Silicon Valley did not just pop out of nowhere, and it has nothing to do with the innovative geniuses and the VCs of today!
There is a hype about a recent book that explains the roots of Silicon Valley’s military roots. It’s funny people don’t like to read historical facts and are amazed when someone points out old facts in a new book.
It is a fact that all of modern technologies (high tech or otherwise) have the US Department of Defense to thank for. The US Government, via various departments (some that does not even exists anymore such as the War Department), is the exclusive source where the money came from to be able to develop a lot of what is driving the technologies that we are all using today. So in a nutshell, we need to thank the tax dollars of our Nation’s citizens for everything that has been developed in the near past! Period.
World War II and later the Korean War, and finally the Cold War were the key to creating a support mechanism to jump start innovation, using the universities, government labs and corporations talent bases. Universities such as Cal Tech, Stanford, and companies such as Douglas, Lockheed, Karman, Northrop, Fairchild, Vought, Curtiss, Grumman, HP, Varian, Litton, GE, Rand, and so on where all involved with US government grants and funds to develop leading edge new ideas in weaponry (Air and Naval), missiles, radar, communication devices, material science, jet propulsion, aircraft and space craft design and many other market segments too much to list here. There were very close working relationships between the Federal Government and local private businesses, small and large.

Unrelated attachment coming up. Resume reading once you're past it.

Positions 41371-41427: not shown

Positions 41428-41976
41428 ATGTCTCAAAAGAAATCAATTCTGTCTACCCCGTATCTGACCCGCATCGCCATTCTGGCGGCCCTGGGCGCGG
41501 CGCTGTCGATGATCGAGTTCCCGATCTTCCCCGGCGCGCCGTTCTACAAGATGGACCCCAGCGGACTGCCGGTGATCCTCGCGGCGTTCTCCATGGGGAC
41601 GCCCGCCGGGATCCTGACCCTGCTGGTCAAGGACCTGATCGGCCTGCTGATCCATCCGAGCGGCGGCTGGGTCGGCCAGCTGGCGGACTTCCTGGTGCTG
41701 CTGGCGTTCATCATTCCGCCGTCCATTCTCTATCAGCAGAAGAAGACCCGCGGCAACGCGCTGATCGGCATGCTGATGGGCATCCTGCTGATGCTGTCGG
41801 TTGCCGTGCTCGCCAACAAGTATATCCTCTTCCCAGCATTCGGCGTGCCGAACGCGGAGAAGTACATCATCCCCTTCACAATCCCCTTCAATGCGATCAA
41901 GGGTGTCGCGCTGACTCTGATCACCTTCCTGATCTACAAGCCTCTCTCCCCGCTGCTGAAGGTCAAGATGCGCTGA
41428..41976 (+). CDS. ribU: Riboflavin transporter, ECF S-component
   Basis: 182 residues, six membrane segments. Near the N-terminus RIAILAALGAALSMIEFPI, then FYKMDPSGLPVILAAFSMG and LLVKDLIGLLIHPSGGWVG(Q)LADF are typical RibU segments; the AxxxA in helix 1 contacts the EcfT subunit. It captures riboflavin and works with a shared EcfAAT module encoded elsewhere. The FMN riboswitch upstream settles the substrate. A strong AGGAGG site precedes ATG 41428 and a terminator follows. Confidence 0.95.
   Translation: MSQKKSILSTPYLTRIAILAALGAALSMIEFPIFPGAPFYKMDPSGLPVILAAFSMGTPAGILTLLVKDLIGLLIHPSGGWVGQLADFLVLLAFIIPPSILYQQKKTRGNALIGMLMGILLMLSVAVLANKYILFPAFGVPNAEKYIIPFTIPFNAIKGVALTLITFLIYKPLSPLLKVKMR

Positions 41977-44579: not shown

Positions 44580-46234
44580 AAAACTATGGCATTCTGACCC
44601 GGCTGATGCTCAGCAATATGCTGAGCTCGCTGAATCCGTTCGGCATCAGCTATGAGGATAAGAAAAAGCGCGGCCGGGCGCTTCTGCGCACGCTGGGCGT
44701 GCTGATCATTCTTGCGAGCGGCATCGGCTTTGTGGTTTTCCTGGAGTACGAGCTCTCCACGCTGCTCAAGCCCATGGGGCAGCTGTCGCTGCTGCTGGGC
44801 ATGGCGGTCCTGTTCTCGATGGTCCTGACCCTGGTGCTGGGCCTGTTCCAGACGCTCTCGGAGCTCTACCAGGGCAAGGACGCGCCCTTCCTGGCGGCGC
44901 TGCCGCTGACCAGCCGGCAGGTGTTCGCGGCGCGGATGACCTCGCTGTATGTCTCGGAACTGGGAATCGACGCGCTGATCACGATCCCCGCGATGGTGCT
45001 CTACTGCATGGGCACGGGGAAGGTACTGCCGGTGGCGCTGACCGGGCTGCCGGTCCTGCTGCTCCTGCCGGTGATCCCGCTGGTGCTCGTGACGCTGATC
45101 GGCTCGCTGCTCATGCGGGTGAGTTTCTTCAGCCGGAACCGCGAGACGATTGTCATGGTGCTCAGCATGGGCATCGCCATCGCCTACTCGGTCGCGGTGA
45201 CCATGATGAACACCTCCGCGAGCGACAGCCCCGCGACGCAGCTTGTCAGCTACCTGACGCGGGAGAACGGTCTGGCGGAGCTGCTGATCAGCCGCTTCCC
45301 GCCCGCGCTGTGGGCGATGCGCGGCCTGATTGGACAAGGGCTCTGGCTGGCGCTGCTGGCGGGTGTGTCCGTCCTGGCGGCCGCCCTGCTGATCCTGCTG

Some of the most impactful ideas that created a new platform which we all use today (including me right now) such as the networking backbone that supports the modern global internet was first built by researchers funded by an early iteration DARPA (Defense Advanced Research Projects Agency). People don’t realize, many of the technologies used widely today are rooted in DARPA-backed research, from the user interface that powers a Windows laptop to voice recognition interfaces and even the stuff that makes your Apple iPhone work(and for that matter many if not all of the mobile phones). How do you think Qualcom came up with the processor that provides life to half of the global mobile phones? And, how can one forget the famous “Manhattan Project” which is by some the beginning of “big science” from which so many off-shoot innovations have been obtained?
There is much more to discuss here but I read a very well researched article written by Gavin Wright, who is an economic historian and Professor of American economic history at Stanford University. It is worth reading it!
Here is the link to the article: “World War II, the Cold War, and the Knowledge Economies of the Pacific Coast”